January 13, 2015 Leave a comment
When a witch (Meryl Streep) reveals an historic curse lies on the Butcher (James Corden) and his wife (Emily Blunt), preventing them from having children, they are given a chance to reverse it so that they might finally start a family. Tasked with obtaining a cow as white as milk, a cape as red as blood, hair as yellow as corn and a slipper as pure as gold, the pair set off into the woods. Meanwhile, across the kingdom, a young girl (Lilla Crawford) crosses an inquisitive wolf, farmhand Jack (Daniel Huttlestone) sells his mother’s cow for supposedly magic beans and skullery maid Cinderella (Anna Kendrick) attends Prince Charming’s (Chris Pine) Festival. As her items are collected for her, the witch attempts to prevent adopted daughter Rapunzel (MacKenzie Mauzy) from finding a prince of her own.
Adapted from James Lapine and Stephen Sondheim’s musical of the same name, Rob Marshall’s Into The Woods arrives at a time when crossovers are very much in vogue. A mash-up of several Brothers Grimm stories including Little Red Riding Hood, Cinderella, Jack and the Beanstalk and Rapunzel, the film imagines what might happen after the requisite happy ever afters. Although for the most part faithful to the musical, Sondheim approved a number of small changes at Disney’s behest, toning down the violence and removing references to Snow White and Sleeping Beauty (who previously appeared as adulteresses). A far more intrusive influence can be felt in the austerity, with the studio having given Marshall only $50 million to play with. That’s not an awful lot when your film features a witch, two giants and — most expensively of all — a million dollars worth of Johnny Depp.
Nevertheless, his otherwise budget cast (and as good as James Cordon is as the film’s male lead there’s no denying he’s value for money) more than compensates for the occasionally unconvincing CGI. Streep is obviously spectacular as the witch, and dominates whenever she is onscreen, but she still leaves plenty of room for everyone else to shine. Even with so many cut Into The Woods contains countless musical numbers, with each actor getting at least one song to relish. Blunt and Kendrick delight as the Butcher’s wife and Cinderella, while Pine and Billy Magnussen (as Rapunzel’s unlucky prince) play off one another beautifully during their showstopping and waterfall-impeding duet. Arguably the biggest pleasure, however, comes from watching the various stage actors outperform their big screen counterparts: both Daniel Huttlestone (previously seen in Tom Hooper’s Les Miserables) and Tony-winning newcomer Lilla Crawford bring down the house as Jack and Little Red Riding Hood respectively. Only Frances de la Tour disappoints, though it’s hardly her fault.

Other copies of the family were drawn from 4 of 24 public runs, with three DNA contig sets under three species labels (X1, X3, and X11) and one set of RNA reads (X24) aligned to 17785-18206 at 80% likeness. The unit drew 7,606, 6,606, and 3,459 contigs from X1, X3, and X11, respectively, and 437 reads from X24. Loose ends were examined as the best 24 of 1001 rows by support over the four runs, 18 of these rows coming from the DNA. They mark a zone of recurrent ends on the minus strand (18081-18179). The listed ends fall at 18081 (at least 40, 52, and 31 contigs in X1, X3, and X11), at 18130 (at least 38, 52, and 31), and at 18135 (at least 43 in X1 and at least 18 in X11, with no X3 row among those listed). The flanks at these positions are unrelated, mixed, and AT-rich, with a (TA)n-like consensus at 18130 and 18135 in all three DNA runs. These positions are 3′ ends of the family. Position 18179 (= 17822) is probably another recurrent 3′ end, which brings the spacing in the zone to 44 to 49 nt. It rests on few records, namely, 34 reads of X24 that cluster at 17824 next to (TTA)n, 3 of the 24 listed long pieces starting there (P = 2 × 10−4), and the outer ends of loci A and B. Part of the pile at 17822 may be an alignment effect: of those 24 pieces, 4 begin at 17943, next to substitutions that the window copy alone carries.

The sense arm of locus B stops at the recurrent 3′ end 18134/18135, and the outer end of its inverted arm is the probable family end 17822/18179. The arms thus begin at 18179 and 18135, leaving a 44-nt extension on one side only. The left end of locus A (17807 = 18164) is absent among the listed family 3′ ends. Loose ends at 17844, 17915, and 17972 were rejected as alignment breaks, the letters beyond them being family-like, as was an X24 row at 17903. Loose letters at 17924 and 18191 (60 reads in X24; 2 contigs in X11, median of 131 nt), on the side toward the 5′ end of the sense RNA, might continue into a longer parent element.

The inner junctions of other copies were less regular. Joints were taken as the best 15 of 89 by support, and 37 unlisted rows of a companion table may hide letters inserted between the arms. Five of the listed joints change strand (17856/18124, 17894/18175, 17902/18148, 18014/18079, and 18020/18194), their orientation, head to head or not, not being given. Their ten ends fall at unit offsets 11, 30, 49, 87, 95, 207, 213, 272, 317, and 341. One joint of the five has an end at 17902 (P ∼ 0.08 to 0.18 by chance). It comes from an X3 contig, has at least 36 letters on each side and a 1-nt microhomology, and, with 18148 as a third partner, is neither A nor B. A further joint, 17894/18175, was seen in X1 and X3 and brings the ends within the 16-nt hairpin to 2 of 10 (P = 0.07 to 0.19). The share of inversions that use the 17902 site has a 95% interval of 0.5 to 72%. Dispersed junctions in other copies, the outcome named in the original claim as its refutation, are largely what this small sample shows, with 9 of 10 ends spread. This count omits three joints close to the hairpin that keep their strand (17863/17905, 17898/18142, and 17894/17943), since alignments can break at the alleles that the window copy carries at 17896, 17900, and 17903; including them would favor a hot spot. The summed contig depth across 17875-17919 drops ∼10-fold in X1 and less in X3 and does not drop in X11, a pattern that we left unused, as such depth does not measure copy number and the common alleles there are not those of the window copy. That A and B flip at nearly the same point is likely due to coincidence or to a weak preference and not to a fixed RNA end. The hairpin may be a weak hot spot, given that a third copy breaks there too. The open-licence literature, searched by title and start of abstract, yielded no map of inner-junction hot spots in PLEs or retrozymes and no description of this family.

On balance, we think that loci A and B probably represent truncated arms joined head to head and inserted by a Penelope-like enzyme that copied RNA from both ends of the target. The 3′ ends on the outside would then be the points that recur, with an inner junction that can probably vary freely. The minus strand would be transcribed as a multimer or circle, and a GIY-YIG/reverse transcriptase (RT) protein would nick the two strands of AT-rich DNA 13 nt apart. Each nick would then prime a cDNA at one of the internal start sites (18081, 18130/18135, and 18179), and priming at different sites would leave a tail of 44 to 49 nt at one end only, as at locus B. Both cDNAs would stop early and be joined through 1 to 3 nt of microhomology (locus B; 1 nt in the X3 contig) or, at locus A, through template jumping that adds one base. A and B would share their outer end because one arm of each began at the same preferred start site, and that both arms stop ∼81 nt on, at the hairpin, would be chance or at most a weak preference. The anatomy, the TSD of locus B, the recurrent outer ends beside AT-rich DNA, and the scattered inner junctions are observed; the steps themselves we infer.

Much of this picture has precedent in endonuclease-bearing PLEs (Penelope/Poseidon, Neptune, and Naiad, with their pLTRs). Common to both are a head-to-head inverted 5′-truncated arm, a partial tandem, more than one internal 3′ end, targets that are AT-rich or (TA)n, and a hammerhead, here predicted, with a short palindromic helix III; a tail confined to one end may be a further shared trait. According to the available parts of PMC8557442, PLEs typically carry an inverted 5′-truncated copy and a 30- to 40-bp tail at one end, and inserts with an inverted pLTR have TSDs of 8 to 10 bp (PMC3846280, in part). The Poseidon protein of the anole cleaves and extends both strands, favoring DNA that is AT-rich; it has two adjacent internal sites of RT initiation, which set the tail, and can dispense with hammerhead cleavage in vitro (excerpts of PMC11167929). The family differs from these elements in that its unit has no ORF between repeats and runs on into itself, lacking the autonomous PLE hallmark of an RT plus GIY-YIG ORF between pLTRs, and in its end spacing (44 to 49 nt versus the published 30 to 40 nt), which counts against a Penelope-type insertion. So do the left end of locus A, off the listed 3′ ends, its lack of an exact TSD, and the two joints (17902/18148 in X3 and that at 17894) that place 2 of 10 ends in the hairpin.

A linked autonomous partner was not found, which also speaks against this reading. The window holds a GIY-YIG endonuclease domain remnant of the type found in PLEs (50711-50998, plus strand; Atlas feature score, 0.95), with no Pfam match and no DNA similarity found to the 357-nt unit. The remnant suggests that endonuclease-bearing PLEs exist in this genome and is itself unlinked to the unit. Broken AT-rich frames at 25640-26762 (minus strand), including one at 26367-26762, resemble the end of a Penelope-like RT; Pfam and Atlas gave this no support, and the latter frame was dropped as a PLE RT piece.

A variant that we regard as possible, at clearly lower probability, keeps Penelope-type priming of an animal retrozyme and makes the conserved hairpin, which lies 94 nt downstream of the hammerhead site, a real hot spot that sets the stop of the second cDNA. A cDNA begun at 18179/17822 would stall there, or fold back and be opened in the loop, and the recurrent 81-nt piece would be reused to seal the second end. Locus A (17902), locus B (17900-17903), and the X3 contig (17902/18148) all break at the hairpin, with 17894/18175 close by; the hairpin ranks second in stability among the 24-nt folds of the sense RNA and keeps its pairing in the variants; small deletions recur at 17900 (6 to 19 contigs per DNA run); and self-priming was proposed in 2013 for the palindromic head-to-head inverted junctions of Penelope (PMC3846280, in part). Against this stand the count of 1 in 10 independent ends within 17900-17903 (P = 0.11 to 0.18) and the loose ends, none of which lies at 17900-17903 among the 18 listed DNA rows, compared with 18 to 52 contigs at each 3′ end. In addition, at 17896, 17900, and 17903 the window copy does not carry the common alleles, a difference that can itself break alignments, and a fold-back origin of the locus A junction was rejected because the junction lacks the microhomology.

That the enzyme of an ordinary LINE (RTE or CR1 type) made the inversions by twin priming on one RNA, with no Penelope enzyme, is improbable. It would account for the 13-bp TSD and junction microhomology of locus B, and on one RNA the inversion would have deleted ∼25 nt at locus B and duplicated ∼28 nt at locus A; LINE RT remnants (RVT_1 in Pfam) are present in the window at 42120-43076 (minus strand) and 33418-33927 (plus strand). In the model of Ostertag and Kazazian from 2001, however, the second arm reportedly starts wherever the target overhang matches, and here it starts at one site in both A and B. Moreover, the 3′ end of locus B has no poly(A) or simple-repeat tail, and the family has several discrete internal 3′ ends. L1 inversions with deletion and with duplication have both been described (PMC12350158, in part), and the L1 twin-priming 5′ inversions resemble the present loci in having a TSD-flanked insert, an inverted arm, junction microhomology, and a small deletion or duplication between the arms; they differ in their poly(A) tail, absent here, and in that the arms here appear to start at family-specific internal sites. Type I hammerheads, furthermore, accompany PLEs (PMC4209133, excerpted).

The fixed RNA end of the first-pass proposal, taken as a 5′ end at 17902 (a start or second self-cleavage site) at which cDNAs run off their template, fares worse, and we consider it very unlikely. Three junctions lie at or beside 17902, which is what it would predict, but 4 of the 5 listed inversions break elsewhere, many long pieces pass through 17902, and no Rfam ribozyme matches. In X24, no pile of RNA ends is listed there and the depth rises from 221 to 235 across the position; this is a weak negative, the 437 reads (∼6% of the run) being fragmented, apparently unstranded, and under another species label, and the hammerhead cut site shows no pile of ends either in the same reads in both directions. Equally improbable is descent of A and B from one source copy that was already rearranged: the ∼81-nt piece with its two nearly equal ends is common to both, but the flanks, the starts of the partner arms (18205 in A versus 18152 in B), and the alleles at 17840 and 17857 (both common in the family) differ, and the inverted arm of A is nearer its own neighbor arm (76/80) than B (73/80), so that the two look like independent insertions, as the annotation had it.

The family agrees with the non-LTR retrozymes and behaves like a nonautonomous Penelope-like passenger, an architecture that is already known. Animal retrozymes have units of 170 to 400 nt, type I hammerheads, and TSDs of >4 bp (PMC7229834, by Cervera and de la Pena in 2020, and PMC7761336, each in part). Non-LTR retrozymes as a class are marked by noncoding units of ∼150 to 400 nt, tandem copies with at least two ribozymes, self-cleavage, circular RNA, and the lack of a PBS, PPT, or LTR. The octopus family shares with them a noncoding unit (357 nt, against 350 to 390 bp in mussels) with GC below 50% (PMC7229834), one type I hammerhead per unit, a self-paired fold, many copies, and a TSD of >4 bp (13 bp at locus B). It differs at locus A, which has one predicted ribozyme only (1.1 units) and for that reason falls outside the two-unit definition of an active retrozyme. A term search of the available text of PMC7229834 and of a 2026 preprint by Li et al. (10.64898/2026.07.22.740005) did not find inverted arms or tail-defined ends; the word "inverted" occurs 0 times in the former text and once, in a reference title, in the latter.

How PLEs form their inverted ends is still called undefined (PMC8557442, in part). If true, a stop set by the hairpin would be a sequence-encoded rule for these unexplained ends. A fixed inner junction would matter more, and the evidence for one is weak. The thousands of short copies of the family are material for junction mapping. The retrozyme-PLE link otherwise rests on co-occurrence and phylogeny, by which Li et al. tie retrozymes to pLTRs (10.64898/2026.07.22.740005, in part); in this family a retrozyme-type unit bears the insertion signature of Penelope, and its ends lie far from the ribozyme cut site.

Unfortunately, for all of its energy and flourish, Into The Woods just doesn’t work as drama. Lapine (who wrote the film’s screenplay) confidently adapts the Grimm fairy-tales, but he struggles with his own alternative endings. Whereas the musical killed most of the supporting cast off the film keeps them alive for no apparent reason, while the deaths that remain are almost equally meaningless. Nobody suffers more than Rapunzel, who is saddled with the most backstory (actually the Baker’s sister, she was kidnapped by the witch as a baby) only to be ignored when it should be paying dividends. Meanwhile, as much fun as it is to watch the Butcher and his wife interfere with such familiar stories none of the other characters’ interactions work particularly well, and the alliance of the Baker, Cinderella, Jack and Little Red Riding Hood in the final act is neither iconic or iconoclastic. If anything, it’s even more archaic than the source stories, with the women hiding and looking after the baby while the men climb a tree to slay a giant. Anna and Elsa are nowhere to be seen.
Although often on fine form, there is an inconsistency to Into The Woods — lyrically as well as narrively — that ultimately undermines its success. Neither as camp as Mamma Mia! or as stirring as Les Miserables, it’s never clear whether Marshall is playing his film for laughs or taking it all seriously. With such uncertain direction, it’s no wonder his characters spend so much time lost in the woods.